Monthly Archives: August 2012

Burl Osborne stood on a desk in 1986 and said what?

When it comes to nostalgia, I always think of The Clash song London Calling.

Specifically, the line about “Phony Beatlemania has bitten the dust,” which I have always interpreted as “The Beatles were awesome and so was the idea of the Sixties. We’re not the Beatles, and it’s not the Sixties. But we are singing right here, right now, so listen up.”

Imagine my surprise, then, when I found myself being nostalgic for a newsroom that I wasn’t even part of yet.

The year was 1986, and The Dallas Morning News had just won its first Pulitzer Prize. The newsroom was celebrating this accomplishment, which really put the newspaper on the national stage, when Burl Osborne stood on a desk and addressed staffers.

According to someone who was there, Mr. Osborne, then-editor and president of The News, said something along the lines of “You keep providing the stories, and I’ll keep providing the ink and newsprint to run them.”

I’m always advising my 20- and 30-something colleagues to not buy into the hype of “how great things used to be.” This story is the exception to the rule, because if there’s a newsroom equivalent to the warrior riding up and down the ranks, sword raised, exhorting his troops to triumph, this is it.

And it sounds pretty great indeed.


Burl Osborne detailed his groundbreaking 1966 kidney treatment and transplant in a newspaper column that ran in neighborsgo, the community news operation of The Dallas Morning News, on April 6, 2012.


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How the Texas Rangers turned the 2012 season around

When the Texas Rangers are down by three runs late in the deciding game of the 2012 World Series, I will point to the game they played against the Los Angeles Angels of Anaheim on Aug. 1, 2012, and say, “Where there’s a will, there’s a way.”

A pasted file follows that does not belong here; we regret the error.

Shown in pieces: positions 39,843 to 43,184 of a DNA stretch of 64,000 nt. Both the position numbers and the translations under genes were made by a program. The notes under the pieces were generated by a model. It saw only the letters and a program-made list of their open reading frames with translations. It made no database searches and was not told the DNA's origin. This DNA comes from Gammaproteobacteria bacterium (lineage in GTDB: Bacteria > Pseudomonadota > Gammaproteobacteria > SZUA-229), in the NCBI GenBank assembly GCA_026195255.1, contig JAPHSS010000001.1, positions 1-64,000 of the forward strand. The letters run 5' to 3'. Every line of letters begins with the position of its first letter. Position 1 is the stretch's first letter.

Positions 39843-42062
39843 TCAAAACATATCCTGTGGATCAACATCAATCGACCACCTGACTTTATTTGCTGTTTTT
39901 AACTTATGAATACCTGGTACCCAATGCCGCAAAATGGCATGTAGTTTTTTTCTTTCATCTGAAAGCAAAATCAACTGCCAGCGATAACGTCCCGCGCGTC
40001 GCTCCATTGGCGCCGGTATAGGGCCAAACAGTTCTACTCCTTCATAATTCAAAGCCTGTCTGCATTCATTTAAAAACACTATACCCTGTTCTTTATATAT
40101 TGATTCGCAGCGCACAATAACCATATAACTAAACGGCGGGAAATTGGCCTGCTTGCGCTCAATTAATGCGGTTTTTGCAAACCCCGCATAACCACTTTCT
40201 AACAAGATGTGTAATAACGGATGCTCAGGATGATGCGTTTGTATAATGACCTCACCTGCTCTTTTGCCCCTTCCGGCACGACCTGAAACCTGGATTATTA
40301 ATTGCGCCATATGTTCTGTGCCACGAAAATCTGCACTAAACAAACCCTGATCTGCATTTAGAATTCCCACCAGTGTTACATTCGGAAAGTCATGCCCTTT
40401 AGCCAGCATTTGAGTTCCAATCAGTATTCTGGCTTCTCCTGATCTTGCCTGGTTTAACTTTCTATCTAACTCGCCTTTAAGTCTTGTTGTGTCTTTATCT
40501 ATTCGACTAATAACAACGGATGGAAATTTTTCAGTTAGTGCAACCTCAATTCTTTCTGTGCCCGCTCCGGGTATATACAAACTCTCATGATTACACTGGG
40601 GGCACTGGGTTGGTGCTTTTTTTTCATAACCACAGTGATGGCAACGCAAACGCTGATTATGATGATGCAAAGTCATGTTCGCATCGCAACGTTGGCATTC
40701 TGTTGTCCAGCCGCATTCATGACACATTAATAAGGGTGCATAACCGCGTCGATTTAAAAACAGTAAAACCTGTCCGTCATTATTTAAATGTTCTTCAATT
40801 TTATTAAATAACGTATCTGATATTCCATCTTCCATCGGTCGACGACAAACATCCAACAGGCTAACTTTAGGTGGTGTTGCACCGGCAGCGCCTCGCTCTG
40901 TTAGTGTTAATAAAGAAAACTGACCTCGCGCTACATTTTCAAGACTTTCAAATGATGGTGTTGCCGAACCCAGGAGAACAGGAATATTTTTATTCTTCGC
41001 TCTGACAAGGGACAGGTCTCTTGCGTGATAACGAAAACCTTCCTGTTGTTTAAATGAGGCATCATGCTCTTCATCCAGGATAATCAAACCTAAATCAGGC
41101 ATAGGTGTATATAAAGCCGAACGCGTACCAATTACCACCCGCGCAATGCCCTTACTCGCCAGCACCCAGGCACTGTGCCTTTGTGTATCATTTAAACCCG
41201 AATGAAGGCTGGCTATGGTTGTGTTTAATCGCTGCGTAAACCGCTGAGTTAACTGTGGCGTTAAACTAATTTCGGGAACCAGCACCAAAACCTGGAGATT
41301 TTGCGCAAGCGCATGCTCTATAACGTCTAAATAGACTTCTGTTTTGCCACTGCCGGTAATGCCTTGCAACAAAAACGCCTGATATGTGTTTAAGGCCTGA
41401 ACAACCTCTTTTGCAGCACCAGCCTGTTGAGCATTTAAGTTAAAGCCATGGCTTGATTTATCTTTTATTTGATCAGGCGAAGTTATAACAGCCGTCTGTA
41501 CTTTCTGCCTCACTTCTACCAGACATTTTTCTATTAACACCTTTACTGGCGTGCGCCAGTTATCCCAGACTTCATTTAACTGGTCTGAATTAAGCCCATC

Here’s what happened:

Like everyone other casual and diehard fan, I had given up. Too many squandered opportunities, too many Josh Hamilton strikeouts, too few David Murphy at-bats.

But in the bottom of the 8th, David Murphy singled in Adrian Beltre to make the score 7-6. Then, in the bottom of the 9th with one out, Ian Kinsler HIT A HOME RUN TO TIE THE GAME!

Next up, Elvis Andrus doubled. The winning run was on second with one out!!

Up comes Josh Hamilton; pops up to short, does Josh Hamilton.

Beltre up next; pops up to third does Beltre.

Extra innings.

In comes the Rangers’ ace, Joe Nathan. Batting eighth, something called Iannetta works the count to 3-2 … and then hits a massive, 400-foot home run to left field. Rangers down, 8-7.

Romaine flies out; Mike Trout, the next incarnation of Babe Ruth, strikes out; Torii Hunter is hit by a pitch.

Up  next, with two outs: Albert Pujols. He proceeds to do what Albert Pujols does to Rangers pitchers: hit a towering home run to left centerfield. Angels up, 10-7. Next batter grounds out, but who cares, the Rangers are done, right?

Up first is Nelson Cruz. He hits a stupendous, 470-foot shot to left center. Rangers down, 10-8. There is hope in Mudville!

Then Michael Young reaches on an error, Murphy (of course) walks and Mike Napoli singles. Craig Gentry comes in to run for Napoli.

Mitch Moreland singles, scoring Young. Rangers down, 10-9, with Murphy on third and Gentry on second.

Kinsler is poised to be the hero again … and quietly pops out.

Up comes Elvis Andrus. Up on the count 3-0,  he takes a questionable strike on the inside corner, then another right down the middle.

With the count 3-2, he looks more focused than I’ve ever seen him.

And he kills the Angels softly with his song by slapping a double over third base, scoring Murphy and Gentry.

Rangers win, 11-10. It was about as awesome a comeback as you’ll ever see.

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